Now here is the “skinny.” Casey (played by Dane Clark) is a down and out American looking, well, looking for something in the post-World War II and he figures London is just as good a place as any to land. Naturally a down and out guy has to figure things out and what better place to do so than at a bar, a bar that just happens to have a fetching and rich blonde damsel in distress, Phyllis (played by Belinda Lee), looking to get married and willing to pay for that status for her own reasons. He accepts, although as fate would have it he winds up with a case of blackout (hence the title of the film) dumped in some doorway groggy for his efforts (and befriended by a very independent starving woman artist who lives on the other side of that door, who is only tangentially connected with the nefarious doings going on). And the chase is on. Why? Phyllis’ rich, very rich, father has been murdered that very marriage night and guess who the prime suspect, the numero uno fall guy, is?

Needless to say, patsy or not, this calls for drastic action to recoup his honor (and to stay out of the slammer) by our boy Casey. But, as usual, everybody and their brother (or sister) has a motive, and an ax to grind including that fetching blonde who lured him in. Who to trust (or not trust) while evading the coppers in the black and white dreary streets and cooped-up apartments of 1950s London drives the plot. And what drives the main villain, by the way not the blonde beauty no way although she makes Casey think twice about it a couple of times, is the need to have plenty of dough. That is where that point about the rich being different, very different, comes in and you can watch the film to figure the why of that out.

Thursday, November 10, 2011

***From The #Occupied Boston (#TomemonosBoston) Archives -Day Forty-Two- An Injury To One Is An Injury To All!-Defend All The Occupation Sites And All The Occupiers!–No Mas- The Class-War Lines Are Being Drawn-There Is A Need To Unite And Fight-Random Sights From Life At Dewey Square

Fight-Don’t Starve-We Created The Wealth, Let's Take It Back! Labor And The Oppressed Must Rule!

Somos la Sociedad conformando el 99% -Dewey Square, Cercerde South Station

#Tomemonos Boston se reuniarin en el Dewey Square en Downtown Boston a discutir cambios que la ciudadania puede hacer en el gobierno que afecte un cambio social positivo.
Markin comment November 9, 2011:

“Hey brother, can you help me put this tarp over my tent? It got cold as hell last night and the winds were blowing fierce,” yelled a youthfully-faced male, but now a few weeks-seasoned Occupy Boston grizzly veteran resident to a middle-aged man casually walking by. “Sure thing, let’s get to it” replied that passer-by.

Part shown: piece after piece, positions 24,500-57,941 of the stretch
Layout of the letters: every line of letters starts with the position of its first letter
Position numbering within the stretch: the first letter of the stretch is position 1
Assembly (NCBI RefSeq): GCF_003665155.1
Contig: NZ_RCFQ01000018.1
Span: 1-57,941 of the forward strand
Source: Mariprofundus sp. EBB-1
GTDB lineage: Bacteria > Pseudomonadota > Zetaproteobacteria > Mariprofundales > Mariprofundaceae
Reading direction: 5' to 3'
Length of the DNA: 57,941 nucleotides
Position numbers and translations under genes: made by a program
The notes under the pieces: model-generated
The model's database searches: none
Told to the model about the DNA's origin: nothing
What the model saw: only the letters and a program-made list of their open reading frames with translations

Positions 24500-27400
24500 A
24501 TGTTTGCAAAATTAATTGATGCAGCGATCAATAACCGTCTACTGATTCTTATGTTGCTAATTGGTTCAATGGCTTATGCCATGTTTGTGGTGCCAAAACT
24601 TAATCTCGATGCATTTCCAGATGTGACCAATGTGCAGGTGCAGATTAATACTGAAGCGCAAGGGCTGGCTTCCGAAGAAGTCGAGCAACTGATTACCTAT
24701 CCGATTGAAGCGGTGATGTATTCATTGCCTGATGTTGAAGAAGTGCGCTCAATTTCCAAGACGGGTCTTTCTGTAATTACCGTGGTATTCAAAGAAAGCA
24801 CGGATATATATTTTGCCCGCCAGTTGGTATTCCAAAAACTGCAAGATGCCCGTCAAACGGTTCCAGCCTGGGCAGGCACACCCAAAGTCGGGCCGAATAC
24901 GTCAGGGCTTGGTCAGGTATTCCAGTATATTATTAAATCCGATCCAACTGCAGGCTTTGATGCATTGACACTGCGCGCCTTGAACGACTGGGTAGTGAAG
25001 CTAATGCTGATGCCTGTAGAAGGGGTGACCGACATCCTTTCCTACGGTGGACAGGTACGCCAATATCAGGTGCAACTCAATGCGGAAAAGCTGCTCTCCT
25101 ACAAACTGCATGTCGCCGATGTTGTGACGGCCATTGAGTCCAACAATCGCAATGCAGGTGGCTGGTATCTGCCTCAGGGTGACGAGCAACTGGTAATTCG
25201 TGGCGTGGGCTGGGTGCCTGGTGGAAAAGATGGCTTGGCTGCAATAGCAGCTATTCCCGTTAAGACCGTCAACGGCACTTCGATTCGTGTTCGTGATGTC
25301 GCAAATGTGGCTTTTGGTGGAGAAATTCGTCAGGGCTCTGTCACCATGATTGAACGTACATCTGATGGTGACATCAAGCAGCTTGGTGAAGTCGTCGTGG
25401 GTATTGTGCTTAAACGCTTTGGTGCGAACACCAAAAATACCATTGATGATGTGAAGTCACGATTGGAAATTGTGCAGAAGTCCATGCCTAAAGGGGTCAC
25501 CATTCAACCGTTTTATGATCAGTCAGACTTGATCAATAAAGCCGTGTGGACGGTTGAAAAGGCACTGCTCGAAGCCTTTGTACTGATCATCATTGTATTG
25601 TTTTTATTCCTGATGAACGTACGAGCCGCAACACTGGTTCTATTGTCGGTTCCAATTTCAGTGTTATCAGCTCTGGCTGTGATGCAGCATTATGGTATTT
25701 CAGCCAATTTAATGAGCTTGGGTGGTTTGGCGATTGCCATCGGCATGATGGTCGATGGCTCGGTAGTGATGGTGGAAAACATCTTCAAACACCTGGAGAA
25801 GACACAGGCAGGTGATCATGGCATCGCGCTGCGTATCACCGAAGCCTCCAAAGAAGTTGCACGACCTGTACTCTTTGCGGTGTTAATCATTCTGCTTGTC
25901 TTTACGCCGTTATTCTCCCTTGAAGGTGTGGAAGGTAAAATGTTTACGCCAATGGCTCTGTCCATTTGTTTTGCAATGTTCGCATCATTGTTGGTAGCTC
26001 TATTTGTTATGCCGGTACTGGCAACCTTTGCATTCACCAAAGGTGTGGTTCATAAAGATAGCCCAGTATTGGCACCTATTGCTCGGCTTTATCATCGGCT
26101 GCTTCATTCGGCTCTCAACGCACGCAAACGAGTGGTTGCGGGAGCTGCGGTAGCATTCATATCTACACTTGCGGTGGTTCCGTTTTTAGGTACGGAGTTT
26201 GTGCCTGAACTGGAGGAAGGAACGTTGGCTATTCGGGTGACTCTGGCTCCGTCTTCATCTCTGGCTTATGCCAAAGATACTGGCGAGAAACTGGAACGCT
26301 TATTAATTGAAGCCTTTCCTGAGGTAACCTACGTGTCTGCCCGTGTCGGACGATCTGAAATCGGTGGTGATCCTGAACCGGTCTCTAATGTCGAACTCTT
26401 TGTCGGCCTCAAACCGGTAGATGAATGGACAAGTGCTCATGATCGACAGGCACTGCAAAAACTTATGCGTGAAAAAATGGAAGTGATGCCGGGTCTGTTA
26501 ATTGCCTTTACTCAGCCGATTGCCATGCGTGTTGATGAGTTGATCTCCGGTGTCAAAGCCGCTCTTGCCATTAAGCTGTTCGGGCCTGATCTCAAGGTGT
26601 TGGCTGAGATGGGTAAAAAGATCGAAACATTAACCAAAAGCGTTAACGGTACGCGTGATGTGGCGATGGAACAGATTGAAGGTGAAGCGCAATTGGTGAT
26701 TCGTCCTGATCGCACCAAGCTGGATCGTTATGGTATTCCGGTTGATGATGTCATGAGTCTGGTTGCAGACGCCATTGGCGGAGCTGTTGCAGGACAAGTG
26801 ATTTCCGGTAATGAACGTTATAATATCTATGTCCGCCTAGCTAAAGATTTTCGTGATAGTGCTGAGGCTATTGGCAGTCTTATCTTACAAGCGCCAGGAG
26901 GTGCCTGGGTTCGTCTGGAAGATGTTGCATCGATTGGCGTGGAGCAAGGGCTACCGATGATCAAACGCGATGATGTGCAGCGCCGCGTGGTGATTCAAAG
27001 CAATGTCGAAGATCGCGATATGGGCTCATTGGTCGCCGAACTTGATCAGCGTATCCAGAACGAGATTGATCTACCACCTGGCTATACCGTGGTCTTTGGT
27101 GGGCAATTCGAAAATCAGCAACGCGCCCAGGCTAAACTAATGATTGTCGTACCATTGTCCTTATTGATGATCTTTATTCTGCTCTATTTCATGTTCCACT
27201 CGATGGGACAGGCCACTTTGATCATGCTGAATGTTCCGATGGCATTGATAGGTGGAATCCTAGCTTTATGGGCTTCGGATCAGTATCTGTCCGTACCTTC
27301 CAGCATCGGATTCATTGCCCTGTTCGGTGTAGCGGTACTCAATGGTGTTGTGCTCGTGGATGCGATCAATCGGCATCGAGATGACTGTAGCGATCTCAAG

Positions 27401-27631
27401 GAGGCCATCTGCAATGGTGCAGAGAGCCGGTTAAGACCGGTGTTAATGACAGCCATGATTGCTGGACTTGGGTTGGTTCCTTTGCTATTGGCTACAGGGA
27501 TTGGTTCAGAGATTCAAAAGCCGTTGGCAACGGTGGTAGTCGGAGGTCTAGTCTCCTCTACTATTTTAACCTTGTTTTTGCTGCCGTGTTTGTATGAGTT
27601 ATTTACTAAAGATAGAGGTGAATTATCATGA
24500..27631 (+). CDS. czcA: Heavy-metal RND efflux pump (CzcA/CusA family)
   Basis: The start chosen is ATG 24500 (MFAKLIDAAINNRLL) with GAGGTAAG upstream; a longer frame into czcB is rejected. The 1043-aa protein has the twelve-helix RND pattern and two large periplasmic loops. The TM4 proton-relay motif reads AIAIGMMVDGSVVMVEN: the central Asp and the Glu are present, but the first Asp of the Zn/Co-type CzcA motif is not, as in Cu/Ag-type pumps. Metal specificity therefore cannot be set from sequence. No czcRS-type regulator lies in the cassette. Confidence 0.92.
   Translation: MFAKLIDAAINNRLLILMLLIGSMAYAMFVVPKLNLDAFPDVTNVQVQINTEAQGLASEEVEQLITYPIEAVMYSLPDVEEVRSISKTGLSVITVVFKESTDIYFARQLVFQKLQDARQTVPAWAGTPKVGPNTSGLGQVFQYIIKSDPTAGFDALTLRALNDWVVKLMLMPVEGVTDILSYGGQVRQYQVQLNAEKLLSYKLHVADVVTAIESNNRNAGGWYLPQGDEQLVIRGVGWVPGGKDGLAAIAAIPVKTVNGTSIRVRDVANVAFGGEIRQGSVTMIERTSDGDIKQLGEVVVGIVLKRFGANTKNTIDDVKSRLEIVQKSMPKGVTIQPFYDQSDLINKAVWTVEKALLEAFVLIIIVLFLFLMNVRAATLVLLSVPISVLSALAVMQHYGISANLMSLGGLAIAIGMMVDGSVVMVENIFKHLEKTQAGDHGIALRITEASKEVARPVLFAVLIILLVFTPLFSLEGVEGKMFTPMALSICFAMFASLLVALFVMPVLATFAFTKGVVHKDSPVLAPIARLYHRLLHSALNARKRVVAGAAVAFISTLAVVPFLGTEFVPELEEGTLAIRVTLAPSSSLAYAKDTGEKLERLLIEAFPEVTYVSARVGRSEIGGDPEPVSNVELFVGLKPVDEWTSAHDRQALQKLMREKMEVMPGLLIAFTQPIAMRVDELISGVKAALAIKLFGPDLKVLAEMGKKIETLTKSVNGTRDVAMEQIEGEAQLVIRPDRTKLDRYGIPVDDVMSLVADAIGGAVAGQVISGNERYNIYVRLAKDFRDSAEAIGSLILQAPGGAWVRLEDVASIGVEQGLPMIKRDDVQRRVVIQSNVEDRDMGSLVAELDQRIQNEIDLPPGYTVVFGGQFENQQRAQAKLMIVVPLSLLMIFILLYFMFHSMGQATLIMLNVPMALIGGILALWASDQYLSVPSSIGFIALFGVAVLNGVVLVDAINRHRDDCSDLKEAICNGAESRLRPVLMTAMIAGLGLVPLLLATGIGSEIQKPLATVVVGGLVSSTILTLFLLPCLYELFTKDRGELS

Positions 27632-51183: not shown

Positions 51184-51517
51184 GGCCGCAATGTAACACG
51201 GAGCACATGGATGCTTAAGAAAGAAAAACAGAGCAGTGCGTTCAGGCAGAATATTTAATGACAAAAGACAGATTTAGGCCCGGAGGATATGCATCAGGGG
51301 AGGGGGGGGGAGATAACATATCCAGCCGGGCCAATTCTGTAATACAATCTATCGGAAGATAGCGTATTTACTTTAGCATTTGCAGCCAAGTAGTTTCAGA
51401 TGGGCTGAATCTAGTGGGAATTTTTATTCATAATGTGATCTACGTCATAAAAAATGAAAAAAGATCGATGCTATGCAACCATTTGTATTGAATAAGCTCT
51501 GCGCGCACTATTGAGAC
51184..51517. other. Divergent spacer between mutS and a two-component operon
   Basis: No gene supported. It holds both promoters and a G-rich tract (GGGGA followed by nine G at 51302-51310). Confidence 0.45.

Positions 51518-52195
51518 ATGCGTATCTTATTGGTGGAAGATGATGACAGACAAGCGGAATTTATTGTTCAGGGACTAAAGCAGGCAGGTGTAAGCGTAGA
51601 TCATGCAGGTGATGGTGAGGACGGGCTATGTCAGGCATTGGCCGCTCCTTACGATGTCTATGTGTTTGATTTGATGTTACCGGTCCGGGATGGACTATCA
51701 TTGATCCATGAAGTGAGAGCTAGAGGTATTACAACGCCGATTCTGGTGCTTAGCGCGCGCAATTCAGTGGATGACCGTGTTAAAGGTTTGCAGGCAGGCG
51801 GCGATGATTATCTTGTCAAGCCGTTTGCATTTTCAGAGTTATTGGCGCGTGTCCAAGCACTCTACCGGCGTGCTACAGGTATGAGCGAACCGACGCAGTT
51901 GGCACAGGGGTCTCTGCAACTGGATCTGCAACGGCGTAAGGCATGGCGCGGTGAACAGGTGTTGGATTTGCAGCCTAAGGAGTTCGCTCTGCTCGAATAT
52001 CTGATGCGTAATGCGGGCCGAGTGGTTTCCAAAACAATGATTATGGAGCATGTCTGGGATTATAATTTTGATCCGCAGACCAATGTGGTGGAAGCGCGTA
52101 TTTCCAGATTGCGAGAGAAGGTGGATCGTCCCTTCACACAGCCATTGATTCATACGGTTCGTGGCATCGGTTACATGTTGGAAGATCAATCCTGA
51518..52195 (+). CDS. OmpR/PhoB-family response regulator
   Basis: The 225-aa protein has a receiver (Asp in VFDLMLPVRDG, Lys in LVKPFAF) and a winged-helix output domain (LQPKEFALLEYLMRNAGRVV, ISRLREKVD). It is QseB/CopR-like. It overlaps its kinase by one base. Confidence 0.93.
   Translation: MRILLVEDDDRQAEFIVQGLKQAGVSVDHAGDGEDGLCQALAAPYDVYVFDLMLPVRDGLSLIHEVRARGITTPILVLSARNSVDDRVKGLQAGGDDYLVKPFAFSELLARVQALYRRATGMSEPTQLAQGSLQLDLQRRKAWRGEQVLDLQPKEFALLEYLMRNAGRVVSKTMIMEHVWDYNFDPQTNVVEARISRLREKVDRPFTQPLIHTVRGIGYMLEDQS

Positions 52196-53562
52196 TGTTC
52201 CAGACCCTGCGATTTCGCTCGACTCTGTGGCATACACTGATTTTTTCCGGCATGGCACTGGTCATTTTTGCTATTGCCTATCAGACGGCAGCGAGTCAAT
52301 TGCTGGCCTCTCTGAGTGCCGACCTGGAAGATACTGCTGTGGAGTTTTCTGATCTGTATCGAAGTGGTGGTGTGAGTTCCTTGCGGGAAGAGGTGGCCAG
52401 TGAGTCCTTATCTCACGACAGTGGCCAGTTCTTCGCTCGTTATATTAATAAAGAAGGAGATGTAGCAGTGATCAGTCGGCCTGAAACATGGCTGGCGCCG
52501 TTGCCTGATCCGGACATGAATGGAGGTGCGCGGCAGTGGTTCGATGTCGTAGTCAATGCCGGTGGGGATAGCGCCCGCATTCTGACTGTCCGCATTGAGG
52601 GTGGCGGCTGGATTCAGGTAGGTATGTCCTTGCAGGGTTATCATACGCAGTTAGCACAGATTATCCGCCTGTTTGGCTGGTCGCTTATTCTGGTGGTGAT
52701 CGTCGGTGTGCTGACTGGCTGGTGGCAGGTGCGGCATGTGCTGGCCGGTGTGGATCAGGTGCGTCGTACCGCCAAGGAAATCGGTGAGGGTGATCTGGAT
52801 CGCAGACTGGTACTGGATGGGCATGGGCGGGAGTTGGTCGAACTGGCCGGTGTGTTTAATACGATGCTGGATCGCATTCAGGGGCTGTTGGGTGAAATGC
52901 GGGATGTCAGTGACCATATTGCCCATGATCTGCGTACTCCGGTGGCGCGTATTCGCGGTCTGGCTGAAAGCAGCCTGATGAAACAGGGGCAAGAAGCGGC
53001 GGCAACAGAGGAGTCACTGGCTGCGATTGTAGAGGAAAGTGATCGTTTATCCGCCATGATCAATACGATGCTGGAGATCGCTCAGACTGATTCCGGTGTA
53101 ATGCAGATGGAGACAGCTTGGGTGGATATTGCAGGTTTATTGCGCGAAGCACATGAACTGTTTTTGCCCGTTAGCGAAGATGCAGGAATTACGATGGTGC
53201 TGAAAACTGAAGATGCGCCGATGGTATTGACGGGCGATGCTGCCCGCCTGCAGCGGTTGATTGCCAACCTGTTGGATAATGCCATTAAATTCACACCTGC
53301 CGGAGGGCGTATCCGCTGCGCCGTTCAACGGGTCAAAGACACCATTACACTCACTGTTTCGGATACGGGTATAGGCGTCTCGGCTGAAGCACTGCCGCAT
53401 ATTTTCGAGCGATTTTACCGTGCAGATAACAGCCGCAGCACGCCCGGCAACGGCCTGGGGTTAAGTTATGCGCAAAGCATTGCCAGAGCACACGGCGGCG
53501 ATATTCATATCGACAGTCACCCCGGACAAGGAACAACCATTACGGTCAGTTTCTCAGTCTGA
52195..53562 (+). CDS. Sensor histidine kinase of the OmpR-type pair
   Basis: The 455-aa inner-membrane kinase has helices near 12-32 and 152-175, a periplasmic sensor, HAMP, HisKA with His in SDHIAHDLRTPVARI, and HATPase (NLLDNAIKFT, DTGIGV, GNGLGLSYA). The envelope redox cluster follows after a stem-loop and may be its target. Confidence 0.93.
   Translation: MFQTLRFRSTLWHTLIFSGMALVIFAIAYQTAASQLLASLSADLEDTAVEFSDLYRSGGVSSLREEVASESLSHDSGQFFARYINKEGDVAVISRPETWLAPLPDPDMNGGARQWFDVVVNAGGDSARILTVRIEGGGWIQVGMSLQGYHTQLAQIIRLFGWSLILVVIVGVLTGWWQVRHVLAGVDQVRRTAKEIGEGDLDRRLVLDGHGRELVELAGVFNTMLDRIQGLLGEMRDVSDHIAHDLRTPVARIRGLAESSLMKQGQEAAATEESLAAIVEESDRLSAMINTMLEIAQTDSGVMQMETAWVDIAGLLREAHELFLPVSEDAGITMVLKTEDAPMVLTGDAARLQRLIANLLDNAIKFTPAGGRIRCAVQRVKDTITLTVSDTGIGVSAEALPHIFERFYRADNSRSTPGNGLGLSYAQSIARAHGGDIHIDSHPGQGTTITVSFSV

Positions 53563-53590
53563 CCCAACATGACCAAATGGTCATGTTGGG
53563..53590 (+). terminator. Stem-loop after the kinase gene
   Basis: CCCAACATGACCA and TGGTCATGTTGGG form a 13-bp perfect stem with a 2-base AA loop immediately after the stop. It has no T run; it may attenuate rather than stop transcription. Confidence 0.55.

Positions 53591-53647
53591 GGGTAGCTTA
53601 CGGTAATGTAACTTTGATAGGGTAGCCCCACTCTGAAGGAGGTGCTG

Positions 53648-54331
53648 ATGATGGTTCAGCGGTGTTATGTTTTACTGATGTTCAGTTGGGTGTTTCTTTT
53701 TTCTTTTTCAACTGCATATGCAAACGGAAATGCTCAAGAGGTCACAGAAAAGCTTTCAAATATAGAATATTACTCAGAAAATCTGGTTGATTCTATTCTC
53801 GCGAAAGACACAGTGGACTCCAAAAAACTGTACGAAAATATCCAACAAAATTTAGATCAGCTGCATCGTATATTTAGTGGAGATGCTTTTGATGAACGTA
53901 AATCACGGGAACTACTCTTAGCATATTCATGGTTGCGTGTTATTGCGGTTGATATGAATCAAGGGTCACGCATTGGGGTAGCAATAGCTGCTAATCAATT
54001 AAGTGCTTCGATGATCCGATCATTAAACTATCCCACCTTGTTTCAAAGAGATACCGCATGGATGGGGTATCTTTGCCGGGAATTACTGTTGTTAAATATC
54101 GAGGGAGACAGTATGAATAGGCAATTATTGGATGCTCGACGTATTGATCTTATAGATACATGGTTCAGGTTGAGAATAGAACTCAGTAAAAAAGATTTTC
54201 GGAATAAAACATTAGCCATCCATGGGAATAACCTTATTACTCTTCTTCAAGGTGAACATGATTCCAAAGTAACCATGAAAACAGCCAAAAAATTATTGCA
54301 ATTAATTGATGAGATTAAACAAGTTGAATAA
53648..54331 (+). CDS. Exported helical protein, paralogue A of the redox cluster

“Can you bring this hot pot of soup to the kitchen? Some lady, a lady who would not give her name and would not acknowledge anything but thanks, drove up on the Atlantic Avenue side and asked me to unload some stuff for her,” said one young woman in shorts to another young woman dressed for colder climates.

“If you want a meal, a nice hot meal, could you wash some dishes to help us out,” barked, barked above the din in front of him, a man who had daily volunteered to help out in the makeshift kitchen. And a couple of older guys, older guys who knew the streets and the lore of the streets backward and forward, stepped behind the tent and got to work while another passed on the request.

“Man, play us a Hendrix tune on that thing, ‘cause you are smokin’, man” earnestly requested a young bearded man, obviously a student, an ardent musical student from the look of him. “Okay man, if you play a little drum behind me.” came the reply from the reincarnation of Jimi, complete with tie-dyed headband to hold his head together.

“Say, can I have cigarette, man, I’m out?” said another older man weary, street weary, getting ready to enter a tent to catch a few winks. “I’m rolling Bull, okay?,” answered a red-headed dread-locked young man.

Such were, are, the random sights and sounds of the Occupy Boston encampment on any given day, or any given minute if you can be in seven places at one time, as the camp continues to organize itself in the tradition of the old westward pioneers seeking that great American west night, and still are seeking it generations later.

“Hey man, don’t be cheap give me a fucking cigarette, I’m all shaky,” shouted out a razor- edged guy, obviously working off some hang-over, although not necessarily an alcoholic or drug one. “I’m down to my last one, what the fuck do you want from me,” came the surly reply. And the tension passed away in the midday air.